A to Z of Making It, Influenced, Music, My Stories, Unsung Heroes

Bob Rock on The Bob Lefsetz Podcast

I probably own all the hard rock albums Bob Rock has been involved in from a production stand point, mixer and engineer from Loverboy and onwards. And this podcast is brilliant. Bob Rock gives so much information and there are so many takeaways from it.

Currently
He’s sitting on two albums already done, one with Richie Sambora and Offspring. And it looks like the albums will not come out until next year.

To me, the reason why the albums are being held is because the focus is still on sales.

But the time is now.

It’s all about people listening. Not sales.

I read that “The Last Dance” was scheduled for a different release window, but Netflix saw the opportunity to release it during the no sports period of COVID-19 and it hit our screens exaclty then, giving the people their fix of sports and re-creating Jordan as a modern day superstar. It’s like he just finished playing and it’s being over 22 years.

Life
As soon as budgets for recording sessions went super low, labels and artists stopped using mega studios. Hence he has a dormant mega studio at home. And he uses Bryan Adams studio, in Vancouver to record with artists.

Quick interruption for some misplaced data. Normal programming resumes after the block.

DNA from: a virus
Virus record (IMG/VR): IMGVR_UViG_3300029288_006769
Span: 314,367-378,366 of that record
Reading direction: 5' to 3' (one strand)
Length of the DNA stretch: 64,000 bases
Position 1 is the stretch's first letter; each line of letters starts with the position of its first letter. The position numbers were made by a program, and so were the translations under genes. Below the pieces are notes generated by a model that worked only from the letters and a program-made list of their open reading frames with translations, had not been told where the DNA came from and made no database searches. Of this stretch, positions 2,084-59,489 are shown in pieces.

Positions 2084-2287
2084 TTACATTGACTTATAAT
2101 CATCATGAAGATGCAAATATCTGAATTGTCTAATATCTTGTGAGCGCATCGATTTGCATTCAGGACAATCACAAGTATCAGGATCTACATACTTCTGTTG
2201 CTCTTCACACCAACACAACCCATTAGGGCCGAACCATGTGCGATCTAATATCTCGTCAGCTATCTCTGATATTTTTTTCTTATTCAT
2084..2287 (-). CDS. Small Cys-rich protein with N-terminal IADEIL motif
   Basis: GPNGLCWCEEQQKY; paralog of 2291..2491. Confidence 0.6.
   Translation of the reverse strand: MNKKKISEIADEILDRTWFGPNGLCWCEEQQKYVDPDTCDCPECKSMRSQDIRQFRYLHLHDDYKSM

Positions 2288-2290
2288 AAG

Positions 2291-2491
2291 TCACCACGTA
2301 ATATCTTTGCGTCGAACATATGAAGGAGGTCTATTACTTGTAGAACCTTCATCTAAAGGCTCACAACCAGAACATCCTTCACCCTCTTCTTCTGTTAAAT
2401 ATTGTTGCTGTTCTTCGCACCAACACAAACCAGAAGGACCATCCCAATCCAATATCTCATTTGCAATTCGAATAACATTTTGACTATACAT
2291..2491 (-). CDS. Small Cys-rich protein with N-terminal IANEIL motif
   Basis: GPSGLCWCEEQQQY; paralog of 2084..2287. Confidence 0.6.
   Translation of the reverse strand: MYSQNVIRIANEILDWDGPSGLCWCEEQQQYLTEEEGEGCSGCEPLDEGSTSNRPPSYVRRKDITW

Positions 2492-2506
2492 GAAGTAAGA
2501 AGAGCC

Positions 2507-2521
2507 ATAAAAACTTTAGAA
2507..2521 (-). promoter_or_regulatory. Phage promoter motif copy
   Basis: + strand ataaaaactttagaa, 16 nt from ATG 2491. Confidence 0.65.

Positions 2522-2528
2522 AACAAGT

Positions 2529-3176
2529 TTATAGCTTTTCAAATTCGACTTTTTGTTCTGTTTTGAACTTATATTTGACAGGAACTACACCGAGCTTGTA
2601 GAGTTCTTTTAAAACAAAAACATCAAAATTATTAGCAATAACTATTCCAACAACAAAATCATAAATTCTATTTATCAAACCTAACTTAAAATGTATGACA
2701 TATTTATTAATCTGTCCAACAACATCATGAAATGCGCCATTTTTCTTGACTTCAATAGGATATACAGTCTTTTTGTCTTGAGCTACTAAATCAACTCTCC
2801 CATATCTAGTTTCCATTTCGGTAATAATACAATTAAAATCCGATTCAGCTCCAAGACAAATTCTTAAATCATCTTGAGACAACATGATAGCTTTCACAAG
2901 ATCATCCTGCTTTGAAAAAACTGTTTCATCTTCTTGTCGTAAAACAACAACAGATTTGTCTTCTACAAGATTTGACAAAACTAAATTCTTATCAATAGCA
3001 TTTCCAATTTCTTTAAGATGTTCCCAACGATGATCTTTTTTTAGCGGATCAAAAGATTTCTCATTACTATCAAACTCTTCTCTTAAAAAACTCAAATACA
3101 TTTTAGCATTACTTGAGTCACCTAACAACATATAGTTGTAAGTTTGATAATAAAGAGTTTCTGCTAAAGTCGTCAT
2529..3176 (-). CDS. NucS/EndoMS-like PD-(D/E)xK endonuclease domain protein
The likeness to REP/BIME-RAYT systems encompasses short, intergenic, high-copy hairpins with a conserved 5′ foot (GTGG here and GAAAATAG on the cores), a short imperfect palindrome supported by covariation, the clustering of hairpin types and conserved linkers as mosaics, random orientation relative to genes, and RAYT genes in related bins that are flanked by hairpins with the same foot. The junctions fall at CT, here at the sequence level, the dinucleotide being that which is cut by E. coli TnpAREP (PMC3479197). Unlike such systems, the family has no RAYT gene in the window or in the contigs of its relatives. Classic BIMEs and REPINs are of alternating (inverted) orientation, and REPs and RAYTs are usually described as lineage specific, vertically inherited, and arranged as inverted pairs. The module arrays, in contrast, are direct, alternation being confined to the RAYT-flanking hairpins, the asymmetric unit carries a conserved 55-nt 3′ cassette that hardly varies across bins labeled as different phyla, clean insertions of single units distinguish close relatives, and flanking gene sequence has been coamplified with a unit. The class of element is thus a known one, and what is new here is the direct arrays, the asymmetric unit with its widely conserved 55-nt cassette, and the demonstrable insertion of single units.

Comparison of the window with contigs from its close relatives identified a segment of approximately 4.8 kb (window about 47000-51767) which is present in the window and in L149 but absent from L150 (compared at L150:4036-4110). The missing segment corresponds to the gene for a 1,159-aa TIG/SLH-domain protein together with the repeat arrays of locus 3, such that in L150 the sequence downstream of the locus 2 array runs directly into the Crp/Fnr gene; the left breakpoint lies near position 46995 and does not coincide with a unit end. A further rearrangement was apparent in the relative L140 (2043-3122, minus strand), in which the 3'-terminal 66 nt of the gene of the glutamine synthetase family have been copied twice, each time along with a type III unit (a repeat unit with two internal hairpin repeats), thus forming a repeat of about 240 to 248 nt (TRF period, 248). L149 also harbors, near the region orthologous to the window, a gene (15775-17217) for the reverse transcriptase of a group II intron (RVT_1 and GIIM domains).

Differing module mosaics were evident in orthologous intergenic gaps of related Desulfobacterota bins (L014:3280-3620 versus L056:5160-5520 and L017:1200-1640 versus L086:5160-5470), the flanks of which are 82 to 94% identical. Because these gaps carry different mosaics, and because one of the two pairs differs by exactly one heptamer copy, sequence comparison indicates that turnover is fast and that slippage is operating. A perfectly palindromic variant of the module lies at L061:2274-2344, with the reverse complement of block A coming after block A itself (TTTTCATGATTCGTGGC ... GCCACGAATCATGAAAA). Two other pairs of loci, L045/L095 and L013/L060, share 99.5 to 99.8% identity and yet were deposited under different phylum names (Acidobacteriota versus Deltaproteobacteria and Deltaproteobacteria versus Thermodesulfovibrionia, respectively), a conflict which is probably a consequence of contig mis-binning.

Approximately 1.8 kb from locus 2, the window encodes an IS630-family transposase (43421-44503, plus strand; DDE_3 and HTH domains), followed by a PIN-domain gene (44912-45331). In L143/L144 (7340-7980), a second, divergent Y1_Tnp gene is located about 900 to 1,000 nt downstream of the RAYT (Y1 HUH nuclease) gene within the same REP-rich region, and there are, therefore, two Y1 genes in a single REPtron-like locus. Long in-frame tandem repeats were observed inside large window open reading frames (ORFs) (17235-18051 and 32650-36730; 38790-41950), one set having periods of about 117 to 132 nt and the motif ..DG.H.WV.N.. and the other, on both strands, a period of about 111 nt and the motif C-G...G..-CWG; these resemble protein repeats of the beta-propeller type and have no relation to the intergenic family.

He got into music for the love of making records. And even though budgets are smaller he still wants to make records, so he chooses who he wants to work with and he’s okay with a smaller budget.

He’s 66 now and he’s been together with his wife for 35 years, which is huge when it comes to the music business.

But the best advice he gave is;

Mixing is a perspective. The way the Mixer mixes is their perspective on how music sounds.

That’s brilliant, because so many people chase sounds developed by others and Bob Rock is creating sounds on how he thinks it should sound.

He’s A Musician First
Even though he is known as a producer he was a musician first. So he still writes tracks with drums, keys, bass and a scratch guitar. He co-wrote 8 songs on the new Richie Sambora album.

He’s a collector of vintage gear. He collected all the amps and pedals that Jimi Hendrix, Eric Clapton, Jeff Beck, Jimmy Page and Dave Gilmour used. And he was trying to re-create the Led Zep 1 guitar sound and he found out on the internet he was missing one small effect, which he had, and once he plugged it in, he got the sound.

And he felt like a kid.

He has a warehouse full of amps, keyboards and guitars/bass.

He had a lot of singles because albums were expensive. So he was exposed to different artists, different productions, different styles.

Put Yourself Out There
With one of his first proper bands, they worked jobs, saved money and then they all went to England to make it. That lasted six months before they came home with nothing to show.